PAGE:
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Ashley Dean sitting patiently in the Keystone Medical Center with a fractured wrist.
Joe Rubino / For the Colorado Daily
Ashley Dean sitting patiently in the Keystone Medical Center with a fractured wrist.

I’m typing this rather slowly, with one hand.

My left arm is in a cast-like thing from my hand to just above my elbow, stabilizing my fractured wrist and locking my arm at a 90-degree angle. It’s more annoying than painful at this point, two days after a snowboarder lost control and took me out from behind. On the bright side, I got a bottle of what the doctor and nurses called “party pills,” and a prescription for more.

River Run is notorious at Keystone for being practically unavoidable, very steep and frequently icy. After a morning of patiently teaching a friend how to snowboard, I was getting in the first run of the day where I could cut loose. I bombed down and just as I was nearing the base, I heard the guy shouting. He must have been riding too close and I’m guessing he wiped out on the ice. It happened in a split second and I felt a pop in my wrist. After a flip through the air, he and I both slid for maybe 25 yards.

He asked repeatedly if I was OK and I felt fine. By the time I got back to the top of the mountain, my wrist was hurting. When I got back to the bottom again, it was swollen and the pain was beginning to make me nauseous.


Flash back to early November. Back to Keystone and back to the bottom of River Run. I got my first nasty injury of the season when I lost my edge on some ice and came down hard on my right knee. More than a month later, the spot is still bruised. This particular bruise emerged from the point of contact, after two days of limping, weeks of complete numbness, massive swelling and spectacularly colorful bruising around it.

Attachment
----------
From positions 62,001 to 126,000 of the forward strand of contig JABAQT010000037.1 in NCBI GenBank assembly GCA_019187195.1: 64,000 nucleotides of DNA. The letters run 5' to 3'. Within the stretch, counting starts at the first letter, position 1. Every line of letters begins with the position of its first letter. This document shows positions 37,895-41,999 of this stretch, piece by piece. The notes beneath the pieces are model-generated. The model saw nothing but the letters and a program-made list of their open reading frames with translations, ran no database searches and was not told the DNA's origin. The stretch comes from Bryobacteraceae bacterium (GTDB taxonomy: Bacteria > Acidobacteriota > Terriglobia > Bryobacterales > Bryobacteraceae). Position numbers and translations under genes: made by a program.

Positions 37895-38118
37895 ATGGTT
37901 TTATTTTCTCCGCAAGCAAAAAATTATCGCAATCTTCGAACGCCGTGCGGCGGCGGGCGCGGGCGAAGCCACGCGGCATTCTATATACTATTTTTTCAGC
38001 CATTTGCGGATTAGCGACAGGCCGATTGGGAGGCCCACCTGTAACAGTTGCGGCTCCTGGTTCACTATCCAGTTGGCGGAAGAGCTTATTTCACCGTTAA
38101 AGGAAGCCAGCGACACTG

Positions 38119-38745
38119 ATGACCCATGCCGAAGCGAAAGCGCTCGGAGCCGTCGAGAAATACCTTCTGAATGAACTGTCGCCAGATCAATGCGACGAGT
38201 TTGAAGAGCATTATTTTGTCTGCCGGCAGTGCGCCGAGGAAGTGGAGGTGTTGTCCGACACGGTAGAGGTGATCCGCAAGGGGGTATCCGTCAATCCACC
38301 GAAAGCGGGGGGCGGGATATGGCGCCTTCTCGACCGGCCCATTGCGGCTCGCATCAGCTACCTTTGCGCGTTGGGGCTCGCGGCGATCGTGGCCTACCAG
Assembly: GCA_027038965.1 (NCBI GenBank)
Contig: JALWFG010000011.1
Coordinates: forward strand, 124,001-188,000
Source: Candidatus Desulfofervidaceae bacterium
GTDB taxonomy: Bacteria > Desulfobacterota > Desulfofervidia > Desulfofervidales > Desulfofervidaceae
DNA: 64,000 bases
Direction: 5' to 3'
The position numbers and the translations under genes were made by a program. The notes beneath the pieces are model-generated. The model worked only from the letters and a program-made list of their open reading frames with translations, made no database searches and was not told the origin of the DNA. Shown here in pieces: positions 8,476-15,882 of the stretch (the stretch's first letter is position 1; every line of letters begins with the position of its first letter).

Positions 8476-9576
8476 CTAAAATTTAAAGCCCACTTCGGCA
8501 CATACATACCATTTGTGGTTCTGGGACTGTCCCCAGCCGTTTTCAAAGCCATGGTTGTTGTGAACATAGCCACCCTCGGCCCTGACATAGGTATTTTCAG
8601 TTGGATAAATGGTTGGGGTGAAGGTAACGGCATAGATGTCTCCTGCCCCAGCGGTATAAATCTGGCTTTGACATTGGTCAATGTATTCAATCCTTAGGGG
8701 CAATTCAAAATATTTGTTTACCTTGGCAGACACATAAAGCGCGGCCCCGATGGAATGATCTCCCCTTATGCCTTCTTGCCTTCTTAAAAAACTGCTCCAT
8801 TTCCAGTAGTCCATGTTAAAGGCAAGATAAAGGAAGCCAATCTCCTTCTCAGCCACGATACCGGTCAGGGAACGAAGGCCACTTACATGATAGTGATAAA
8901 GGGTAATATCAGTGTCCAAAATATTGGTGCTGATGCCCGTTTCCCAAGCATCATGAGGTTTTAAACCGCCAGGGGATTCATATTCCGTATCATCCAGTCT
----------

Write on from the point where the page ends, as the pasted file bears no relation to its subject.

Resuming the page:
Each time I injured myself this season, I’ve been terrified at the prospect of season-ending damage. Snowboarding is half the reason I’m in Colorado and it’s one of the things I love most. But as I sat in the Keystone Medical Center, I got some perspective. The guy next to me was covered in blood, waiting to get stitches in his face. It sounded like he’d attempted something crazy and was unconscious after the fall. My treatment was delayed when they rushed a ski patrol staffer in, while he moaned that he couldn’t feel his arm. It turned out to be a separated collar bone.

We are all insane.

What makes us want to shoot down mountains while strapped onto boards? We launch off cliffs, drop off rocks and weave through trees. Colorado is packed with people whose brains are more likely to say, “do it, I dare you,” than, “careful, you could die.” The ability to make risk/reward calculations is warped by adrenaline addiction, ego and false feelings of invincibility. Thrill seeking trumps survival instincts.

Maybe that’s a little dramatic, but as I poke out letters on my keyboard in a “party pill” haze, I have to at least briefly question why I’m itching to get back on my board more than I’m itching under this stupid splint. It’s love and insanity, and it’s perfectly common.

Long live Colorado crazies. (As if we can guarantee that.)

Contact Ashley Dean at 303-473-1109 or On Twitter:

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